Dear Bite, I don’t know how I can deal with all of this stress. I was fine just a few weeks ago, but it feels like everything has picked up all of a sudden, and everything is happening at once. How can I deal with all of the work that my classes are giving me and still have time to actually talk to other people? -Flustered Frosh
Well Frosh, I have a lot of experience in being busy. Dam construction is a hot business this year! For your case specifically I would recommend that you spend a lot of time not sleeping. You might be really tired for the first 72 hours, but after that you’ll probably start to hallucinate! That won’t make you less tired or anything though, unfortunately. At least it’ll give you something to think about instead of all the things you have to do!
By Kelsey Dunn – Contributing Writer
The time has come when UMF students experience stress due to crunched and overlapped deadlines, mountains of homework and hours that seem to just zoom past. Stress can be overwhelming at times and make us want to just scream and give up, but we can’t. Are there ways to relieve stress?
Some UMF students have reported their ways to relieve their stress. Benjamin Cloutier, a junior at UMF, has to juggle his academics with his two jobs.
“I am usually stressed roughly six days a week. Saturdays are what I like to call my stress day off” said Cloutier. “When I become stressed, I go outside and try to take my mind off things.”
Like Cloutier, Elina Shapiro, a UMF senior, also enjoys being outside. Shapiro has a lot on her plate this year between her internship, planning for life after graduation, academics and a social life.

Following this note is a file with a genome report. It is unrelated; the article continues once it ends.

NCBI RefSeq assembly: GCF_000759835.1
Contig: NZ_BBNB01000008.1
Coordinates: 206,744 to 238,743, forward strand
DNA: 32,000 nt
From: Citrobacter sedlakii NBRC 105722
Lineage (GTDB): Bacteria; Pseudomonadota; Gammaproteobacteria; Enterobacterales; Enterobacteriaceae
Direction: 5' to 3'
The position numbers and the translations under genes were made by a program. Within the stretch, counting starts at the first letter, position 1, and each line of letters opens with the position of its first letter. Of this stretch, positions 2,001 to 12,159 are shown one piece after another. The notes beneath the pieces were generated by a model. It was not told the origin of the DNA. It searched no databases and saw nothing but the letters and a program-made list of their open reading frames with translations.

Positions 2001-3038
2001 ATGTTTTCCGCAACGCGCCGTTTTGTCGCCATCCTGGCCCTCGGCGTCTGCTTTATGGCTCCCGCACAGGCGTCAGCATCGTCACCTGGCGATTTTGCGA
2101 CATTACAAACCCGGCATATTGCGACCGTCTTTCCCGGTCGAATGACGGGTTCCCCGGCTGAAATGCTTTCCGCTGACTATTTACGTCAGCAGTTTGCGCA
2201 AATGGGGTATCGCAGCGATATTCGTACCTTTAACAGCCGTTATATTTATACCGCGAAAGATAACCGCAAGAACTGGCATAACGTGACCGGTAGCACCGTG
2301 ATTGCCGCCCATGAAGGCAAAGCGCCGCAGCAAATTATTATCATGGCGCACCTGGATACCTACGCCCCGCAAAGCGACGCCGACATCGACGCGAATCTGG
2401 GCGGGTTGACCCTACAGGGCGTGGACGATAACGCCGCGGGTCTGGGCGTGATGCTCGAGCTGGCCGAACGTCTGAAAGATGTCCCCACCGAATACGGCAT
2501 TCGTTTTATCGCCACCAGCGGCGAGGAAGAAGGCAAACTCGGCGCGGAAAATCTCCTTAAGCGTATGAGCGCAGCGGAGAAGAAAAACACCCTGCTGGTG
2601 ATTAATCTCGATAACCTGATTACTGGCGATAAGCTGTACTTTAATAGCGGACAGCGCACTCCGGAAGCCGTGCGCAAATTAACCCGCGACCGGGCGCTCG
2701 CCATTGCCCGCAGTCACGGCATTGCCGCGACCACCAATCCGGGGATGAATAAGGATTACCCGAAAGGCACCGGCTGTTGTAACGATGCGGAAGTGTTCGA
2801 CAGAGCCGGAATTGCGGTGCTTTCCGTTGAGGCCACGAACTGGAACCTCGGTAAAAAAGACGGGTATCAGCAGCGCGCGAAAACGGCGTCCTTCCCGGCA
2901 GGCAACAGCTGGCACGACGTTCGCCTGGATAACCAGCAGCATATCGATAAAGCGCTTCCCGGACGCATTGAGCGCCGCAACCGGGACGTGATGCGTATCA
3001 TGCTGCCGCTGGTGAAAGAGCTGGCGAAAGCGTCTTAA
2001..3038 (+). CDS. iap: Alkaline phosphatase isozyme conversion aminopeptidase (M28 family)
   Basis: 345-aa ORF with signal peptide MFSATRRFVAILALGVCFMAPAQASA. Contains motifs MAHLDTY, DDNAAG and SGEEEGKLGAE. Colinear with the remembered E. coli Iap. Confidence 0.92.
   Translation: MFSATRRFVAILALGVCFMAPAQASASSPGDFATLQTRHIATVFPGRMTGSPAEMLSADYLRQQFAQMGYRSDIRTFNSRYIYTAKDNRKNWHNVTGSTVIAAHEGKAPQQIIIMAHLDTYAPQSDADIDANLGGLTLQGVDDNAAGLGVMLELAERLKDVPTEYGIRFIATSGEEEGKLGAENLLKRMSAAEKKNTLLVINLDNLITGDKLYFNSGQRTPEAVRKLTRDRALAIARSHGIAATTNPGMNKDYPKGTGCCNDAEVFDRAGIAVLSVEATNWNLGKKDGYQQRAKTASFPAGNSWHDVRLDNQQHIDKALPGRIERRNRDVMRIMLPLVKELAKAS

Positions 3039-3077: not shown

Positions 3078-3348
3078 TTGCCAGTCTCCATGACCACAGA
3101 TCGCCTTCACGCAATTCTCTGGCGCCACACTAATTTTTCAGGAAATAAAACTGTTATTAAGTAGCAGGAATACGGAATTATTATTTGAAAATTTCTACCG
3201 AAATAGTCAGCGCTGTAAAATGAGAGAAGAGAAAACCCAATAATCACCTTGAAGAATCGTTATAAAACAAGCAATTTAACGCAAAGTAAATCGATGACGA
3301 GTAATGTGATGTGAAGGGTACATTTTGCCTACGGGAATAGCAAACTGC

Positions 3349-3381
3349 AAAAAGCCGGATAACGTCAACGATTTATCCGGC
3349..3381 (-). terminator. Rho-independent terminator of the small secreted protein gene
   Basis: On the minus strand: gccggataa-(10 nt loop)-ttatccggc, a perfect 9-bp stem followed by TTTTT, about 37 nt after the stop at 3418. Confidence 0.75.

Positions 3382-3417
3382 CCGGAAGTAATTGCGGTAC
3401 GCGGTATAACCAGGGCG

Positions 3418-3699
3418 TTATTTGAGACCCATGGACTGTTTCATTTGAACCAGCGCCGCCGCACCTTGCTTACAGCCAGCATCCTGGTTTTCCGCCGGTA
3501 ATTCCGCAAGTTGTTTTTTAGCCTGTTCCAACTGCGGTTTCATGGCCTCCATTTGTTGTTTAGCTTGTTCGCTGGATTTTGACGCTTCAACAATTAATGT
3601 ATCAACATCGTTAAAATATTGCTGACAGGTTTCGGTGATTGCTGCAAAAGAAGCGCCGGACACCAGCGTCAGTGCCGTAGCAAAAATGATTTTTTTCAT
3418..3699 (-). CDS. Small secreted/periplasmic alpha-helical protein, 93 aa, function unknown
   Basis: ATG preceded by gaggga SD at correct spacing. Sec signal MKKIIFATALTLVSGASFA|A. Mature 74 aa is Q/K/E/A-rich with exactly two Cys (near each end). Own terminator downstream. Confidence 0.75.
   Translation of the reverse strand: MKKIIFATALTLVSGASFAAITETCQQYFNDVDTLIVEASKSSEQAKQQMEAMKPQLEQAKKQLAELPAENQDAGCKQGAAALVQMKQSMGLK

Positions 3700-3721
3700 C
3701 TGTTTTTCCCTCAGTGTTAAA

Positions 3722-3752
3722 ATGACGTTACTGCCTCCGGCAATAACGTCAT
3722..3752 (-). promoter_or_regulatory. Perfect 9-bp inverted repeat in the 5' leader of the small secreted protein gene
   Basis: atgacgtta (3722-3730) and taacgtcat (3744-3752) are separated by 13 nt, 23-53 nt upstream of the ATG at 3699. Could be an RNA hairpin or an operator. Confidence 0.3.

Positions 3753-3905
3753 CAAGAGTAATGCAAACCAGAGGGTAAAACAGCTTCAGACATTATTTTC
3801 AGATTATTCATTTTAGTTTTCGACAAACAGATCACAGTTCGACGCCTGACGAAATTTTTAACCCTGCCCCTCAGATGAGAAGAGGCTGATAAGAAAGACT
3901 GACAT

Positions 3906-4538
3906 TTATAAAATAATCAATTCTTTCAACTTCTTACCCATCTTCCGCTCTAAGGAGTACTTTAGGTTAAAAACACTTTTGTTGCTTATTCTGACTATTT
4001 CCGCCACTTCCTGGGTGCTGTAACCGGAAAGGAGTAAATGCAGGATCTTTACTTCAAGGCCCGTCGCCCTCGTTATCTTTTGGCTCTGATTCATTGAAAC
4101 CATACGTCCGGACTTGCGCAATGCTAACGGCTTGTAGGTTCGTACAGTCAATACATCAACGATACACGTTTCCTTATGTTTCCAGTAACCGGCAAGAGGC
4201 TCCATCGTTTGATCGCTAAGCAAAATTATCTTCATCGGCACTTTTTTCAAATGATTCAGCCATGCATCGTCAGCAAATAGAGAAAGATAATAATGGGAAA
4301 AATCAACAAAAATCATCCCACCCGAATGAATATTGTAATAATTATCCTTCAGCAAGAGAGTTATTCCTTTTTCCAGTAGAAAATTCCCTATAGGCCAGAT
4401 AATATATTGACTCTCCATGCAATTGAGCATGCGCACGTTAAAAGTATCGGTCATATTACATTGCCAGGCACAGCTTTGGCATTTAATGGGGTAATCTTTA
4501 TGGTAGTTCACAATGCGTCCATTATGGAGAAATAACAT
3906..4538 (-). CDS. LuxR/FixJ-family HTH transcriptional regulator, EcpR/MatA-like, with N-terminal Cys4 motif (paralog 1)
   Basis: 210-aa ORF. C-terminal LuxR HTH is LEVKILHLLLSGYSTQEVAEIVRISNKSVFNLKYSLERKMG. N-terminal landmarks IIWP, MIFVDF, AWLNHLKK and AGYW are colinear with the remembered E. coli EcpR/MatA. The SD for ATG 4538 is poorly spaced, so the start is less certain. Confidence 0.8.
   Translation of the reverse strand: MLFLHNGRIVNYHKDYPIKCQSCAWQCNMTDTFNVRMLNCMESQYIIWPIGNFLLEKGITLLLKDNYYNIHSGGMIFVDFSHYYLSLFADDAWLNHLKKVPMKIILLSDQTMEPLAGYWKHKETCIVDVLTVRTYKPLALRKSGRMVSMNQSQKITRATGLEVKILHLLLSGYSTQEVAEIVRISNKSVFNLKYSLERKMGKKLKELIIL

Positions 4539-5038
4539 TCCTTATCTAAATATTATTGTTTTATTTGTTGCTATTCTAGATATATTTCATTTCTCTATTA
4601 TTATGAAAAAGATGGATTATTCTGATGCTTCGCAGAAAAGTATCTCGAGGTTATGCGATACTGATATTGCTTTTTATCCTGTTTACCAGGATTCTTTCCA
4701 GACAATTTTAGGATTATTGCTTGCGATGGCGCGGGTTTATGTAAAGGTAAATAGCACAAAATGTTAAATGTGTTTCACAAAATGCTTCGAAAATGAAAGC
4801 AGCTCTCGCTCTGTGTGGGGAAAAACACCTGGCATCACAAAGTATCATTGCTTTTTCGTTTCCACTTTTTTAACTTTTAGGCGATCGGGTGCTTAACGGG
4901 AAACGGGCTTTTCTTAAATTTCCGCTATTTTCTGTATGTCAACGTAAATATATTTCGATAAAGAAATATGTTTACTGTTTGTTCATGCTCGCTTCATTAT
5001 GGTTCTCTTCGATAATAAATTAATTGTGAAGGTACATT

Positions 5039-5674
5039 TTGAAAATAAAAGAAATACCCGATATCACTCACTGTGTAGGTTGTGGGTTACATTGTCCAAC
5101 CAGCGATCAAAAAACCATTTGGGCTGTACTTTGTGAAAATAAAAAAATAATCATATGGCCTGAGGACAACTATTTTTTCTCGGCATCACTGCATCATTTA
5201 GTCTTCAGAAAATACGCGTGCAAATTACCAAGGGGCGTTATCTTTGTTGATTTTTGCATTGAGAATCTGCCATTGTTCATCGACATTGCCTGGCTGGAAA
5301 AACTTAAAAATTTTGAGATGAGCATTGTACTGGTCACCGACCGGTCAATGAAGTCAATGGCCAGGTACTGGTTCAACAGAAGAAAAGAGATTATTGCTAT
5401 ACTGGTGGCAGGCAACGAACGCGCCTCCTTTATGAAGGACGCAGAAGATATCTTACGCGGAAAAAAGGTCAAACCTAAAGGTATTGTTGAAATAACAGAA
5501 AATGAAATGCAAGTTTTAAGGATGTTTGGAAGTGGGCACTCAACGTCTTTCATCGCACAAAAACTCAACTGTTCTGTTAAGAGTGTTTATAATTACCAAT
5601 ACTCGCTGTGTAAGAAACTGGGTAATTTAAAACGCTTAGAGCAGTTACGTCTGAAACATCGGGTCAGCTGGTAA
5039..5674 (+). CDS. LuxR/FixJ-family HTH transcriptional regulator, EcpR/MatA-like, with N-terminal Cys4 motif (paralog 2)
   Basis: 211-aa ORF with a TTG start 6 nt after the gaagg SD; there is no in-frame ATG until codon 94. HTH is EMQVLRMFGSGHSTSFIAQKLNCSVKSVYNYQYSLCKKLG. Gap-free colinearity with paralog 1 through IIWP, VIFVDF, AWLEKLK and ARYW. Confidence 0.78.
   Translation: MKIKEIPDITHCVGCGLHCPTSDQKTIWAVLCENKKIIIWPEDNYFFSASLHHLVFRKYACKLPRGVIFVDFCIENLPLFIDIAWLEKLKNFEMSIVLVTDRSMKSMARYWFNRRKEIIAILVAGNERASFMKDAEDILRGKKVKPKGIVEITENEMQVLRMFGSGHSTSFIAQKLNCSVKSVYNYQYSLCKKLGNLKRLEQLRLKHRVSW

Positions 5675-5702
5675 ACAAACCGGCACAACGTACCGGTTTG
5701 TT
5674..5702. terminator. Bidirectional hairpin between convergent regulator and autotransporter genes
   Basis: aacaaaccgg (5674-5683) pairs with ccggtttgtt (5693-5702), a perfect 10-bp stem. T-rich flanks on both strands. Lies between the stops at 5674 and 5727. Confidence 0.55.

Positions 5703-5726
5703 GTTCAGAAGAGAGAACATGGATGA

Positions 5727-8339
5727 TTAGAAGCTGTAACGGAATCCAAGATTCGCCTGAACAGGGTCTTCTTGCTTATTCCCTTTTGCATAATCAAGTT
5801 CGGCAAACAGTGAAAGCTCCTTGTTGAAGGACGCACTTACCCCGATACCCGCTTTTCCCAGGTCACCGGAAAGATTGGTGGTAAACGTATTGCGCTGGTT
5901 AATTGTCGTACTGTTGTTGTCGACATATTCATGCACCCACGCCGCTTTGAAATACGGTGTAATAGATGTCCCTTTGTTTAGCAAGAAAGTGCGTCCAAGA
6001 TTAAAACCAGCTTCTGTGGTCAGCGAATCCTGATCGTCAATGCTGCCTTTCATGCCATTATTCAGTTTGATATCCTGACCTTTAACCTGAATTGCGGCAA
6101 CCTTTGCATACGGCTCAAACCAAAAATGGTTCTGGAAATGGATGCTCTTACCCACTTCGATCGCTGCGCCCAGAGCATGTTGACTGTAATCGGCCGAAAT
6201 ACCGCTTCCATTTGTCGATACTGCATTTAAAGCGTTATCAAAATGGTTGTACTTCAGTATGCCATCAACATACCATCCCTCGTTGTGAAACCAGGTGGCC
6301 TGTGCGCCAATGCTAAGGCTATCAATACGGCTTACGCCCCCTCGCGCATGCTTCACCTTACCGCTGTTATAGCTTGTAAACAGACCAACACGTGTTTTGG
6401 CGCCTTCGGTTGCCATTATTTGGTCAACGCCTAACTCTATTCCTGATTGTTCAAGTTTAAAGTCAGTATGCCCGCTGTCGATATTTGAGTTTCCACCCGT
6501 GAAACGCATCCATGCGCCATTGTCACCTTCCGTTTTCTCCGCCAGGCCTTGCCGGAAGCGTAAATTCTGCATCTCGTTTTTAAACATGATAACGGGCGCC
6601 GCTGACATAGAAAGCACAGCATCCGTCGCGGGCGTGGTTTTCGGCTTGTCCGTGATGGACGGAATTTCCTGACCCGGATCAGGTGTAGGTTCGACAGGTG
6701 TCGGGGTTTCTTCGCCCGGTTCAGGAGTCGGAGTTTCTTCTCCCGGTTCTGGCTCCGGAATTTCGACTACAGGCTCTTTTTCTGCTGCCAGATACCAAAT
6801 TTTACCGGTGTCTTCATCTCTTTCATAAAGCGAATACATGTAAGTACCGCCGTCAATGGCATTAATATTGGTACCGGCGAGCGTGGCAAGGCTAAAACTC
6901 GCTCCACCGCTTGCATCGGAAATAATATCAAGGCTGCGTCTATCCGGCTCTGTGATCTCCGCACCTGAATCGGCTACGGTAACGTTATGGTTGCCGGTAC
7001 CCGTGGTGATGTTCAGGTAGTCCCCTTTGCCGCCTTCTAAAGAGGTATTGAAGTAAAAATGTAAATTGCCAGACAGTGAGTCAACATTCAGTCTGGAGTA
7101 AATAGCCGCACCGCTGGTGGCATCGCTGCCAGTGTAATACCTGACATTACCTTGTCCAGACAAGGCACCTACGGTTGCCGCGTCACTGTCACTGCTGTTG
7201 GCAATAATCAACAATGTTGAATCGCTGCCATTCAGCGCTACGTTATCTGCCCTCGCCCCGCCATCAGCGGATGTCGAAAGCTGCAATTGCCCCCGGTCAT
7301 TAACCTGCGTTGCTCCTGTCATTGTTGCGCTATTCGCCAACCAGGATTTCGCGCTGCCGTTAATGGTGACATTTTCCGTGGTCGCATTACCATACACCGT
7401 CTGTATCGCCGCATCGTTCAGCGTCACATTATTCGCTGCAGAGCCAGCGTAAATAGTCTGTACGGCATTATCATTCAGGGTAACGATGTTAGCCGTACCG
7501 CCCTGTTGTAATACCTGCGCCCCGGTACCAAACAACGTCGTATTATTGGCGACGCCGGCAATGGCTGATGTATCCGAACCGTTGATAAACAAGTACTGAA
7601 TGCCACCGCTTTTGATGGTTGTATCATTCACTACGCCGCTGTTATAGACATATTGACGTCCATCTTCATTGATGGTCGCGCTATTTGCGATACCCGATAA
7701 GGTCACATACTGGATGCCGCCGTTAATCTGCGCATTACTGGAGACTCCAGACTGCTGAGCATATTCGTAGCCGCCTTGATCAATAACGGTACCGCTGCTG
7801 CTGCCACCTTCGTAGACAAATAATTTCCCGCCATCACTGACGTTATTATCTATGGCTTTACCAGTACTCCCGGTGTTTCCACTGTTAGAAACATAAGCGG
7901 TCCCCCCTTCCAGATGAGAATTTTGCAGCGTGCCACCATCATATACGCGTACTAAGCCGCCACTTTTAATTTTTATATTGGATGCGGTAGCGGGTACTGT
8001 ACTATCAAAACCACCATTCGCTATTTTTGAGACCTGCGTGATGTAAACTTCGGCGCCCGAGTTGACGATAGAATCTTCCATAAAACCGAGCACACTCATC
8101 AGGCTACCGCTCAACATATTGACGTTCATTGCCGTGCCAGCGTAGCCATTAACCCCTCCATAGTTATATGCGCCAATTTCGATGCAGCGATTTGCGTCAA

“I play the banjo for an instant stress relief. I also exercise and watch comedy shows” said Shapiro.
Dr. Natasha Lekes, an Associate Professor of Psychology, revealed that “students coming to college should expect to experience stress.” Dr. Lekes noticed that many students at UMF work long hours in addition to maintaining a full-time course load. Due to all the responsibilities that students have to endure, it is natural for them to feel overwhelmed. Dr. Lekes noted that many people turn to exercise, meditation, laughing or playing when stressed. She also said that students should seek help when needed.
“Students often wait to seek help and yet there are many people willing and wanting to provide it at UMF, [such as] advisors, mental health counselors, professors and career counselors,” said Dr. Lekes.
Tessa Walsh, a junior at UMF, experiences social anxiety, which along with her schoolwork, triggers her stress. “I get stressed roughly four to five days a week. When I do get stressed, I listen to music, watch TV or I simply switch to a new activity to get my mind off things” said Walsh.
Students are not the only ones who experience stress on campus. “We need stress in our lives!” said Dr. Lekes, who also experiences stress in her daily life.
“You will likely find that the things that make your life worth living also cause you stress,” Dr. Lekes explained. “For me, that’s being a parent, a professor, a wife, a friend. Yet, I wouldn’t want to change my work or family life. Students may find that their relationships, their area of study, their work and being involved in sports brings meaning to their lives, and yet these activities likely also bring stress into their lives,” said Dr. Lekes.
To view UMF’s counseling page go to the following link: http://www2.umf.maine.edu/counseling/